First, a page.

Balloons and Sequins in the Basement
We are a house divided when it comes to New Year’s Eve. I married a New Yorker who has seen it all/done it all when it comes to big parties on December 31st. She’s seen plenty of Times Square balls drop. She is happy just spending the night with people she loves. I, on the other hand, am always looking for the chance to put on the tux and go dancing somewhere.
I admit that I over-romanticize the night. With such varied expectations, we had to come up with a compromise solution for ways to mark the New Year. We came up with a nice option…we let the kids get all dressed-up and put on the swankiest family dinner and dance party with friends…complete with a (wait for it) takeout Chinese dinner on our very best china. Sparkling cider in stemware, of course, is a must.
While it may not pass the “cool” test for many, it has produced some of the best memories with our friends and our kids over the last few years. Everyone looks good, everyone feels good, and we can dance the night away with people we love.
This year I decided to transform our (very ugly) basement into a real dance party place for our kids. Some of our closest friends were coming to DC from NYC to spend New Year’s Eve with us. And since our kids are at that stage where they boogie and shake without guile, I figured it was a great year to go all out with the decor, engineering some holiday lights, balloons and flashy stuff into my own little suburban version of Studio 54.
As I stood on the ladder, hanging the four hundredth piece of shiny ribbon from our basement ceiling, I thought to myself, “Why am I doing this!? Will they even notice or care?” I was ready to just go ahead and let the party happen without all the fuss and fancy wrapping. And just as I was ready to pack up the supplies and call it quits, I realized where I had seen this scene before. My mind flashed back to the dozens of parties, proms, student body elections, pep rallies, church dances, and birthday bashes where my dad had been the one behind the balloon machine or the guy with the idea to hang something cool from the ceiling. I was just doing what Dad had done. And indeed the kids would notice, because I certainly did.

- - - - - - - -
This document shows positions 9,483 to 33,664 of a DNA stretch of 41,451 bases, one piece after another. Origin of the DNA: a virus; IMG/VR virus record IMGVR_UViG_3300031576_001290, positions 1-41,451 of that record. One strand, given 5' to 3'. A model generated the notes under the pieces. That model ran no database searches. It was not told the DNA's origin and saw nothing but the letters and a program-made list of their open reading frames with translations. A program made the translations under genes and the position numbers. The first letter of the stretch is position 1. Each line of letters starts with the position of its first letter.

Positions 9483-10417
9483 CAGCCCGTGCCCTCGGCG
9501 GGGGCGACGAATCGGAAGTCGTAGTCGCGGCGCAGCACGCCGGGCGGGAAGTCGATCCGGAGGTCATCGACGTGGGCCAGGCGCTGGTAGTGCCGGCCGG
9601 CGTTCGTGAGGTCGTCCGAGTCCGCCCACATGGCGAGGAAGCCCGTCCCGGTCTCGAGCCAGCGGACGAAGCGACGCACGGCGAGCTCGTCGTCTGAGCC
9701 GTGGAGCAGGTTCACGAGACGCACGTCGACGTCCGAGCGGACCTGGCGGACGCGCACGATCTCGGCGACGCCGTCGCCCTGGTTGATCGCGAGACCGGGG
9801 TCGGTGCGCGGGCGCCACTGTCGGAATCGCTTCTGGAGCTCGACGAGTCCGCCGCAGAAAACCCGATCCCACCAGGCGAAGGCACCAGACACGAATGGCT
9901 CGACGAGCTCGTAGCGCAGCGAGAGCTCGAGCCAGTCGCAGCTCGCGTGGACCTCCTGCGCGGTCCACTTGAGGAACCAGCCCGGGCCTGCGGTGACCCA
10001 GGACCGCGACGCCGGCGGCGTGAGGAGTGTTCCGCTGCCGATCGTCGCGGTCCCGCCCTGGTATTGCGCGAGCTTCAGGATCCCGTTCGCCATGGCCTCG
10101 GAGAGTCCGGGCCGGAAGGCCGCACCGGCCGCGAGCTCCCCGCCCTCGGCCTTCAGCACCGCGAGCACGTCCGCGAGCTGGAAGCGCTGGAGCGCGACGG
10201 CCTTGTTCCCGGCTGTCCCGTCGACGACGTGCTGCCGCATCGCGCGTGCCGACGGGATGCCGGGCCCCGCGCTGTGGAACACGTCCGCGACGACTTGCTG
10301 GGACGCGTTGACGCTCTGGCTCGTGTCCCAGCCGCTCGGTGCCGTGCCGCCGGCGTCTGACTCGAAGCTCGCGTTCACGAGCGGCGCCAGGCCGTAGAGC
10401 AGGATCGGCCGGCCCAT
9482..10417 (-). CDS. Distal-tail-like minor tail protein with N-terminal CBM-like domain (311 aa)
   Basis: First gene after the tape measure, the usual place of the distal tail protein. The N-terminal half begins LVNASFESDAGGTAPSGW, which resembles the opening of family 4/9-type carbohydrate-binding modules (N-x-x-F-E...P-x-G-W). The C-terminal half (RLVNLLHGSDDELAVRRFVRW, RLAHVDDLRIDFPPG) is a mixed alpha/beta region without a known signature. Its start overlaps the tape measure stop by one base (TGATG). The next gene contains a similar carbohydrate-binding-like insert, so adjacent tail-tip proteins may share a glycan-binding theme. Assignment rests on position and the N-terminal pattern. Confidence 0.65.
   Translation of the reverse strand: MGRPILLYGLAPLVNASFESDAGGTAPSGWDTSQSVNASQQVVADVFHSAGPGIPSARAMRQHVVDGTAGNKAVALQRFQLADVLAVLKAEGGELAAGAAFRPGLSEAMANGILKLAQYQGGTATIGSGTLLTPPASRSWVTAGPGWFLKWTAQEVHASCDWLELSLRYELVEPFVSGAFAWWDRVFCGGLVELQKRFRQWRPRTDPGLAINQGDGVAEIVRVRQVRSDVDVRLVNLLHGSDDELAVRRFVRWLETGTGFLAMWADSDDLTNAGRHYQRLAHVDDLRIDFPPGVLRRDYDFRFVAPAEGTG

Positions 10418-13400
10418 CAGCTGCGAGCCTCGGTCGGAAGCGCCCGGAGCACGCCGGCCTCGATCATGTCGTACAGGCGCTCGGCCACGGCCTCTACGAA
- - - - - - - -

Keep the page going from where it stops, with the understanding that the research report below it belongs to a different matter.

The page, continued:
It was somehow perfect to spend the few hours before New Year’s Eve this year with fond memories of my Dad, and realizing that I was doing no more or less than following in his footsteps. I am blessed that my kids know and love my Dad and my Father-in-Law. My resolution for this year is to be more like them, and embrace the fact that my instincts will always be to follow them.
Balloons and sequins in the basement are just the symbol of what my Dad taught me. Every moment we have together is special. It may not always be easy or fun, but every one of these moments is something to celebrate.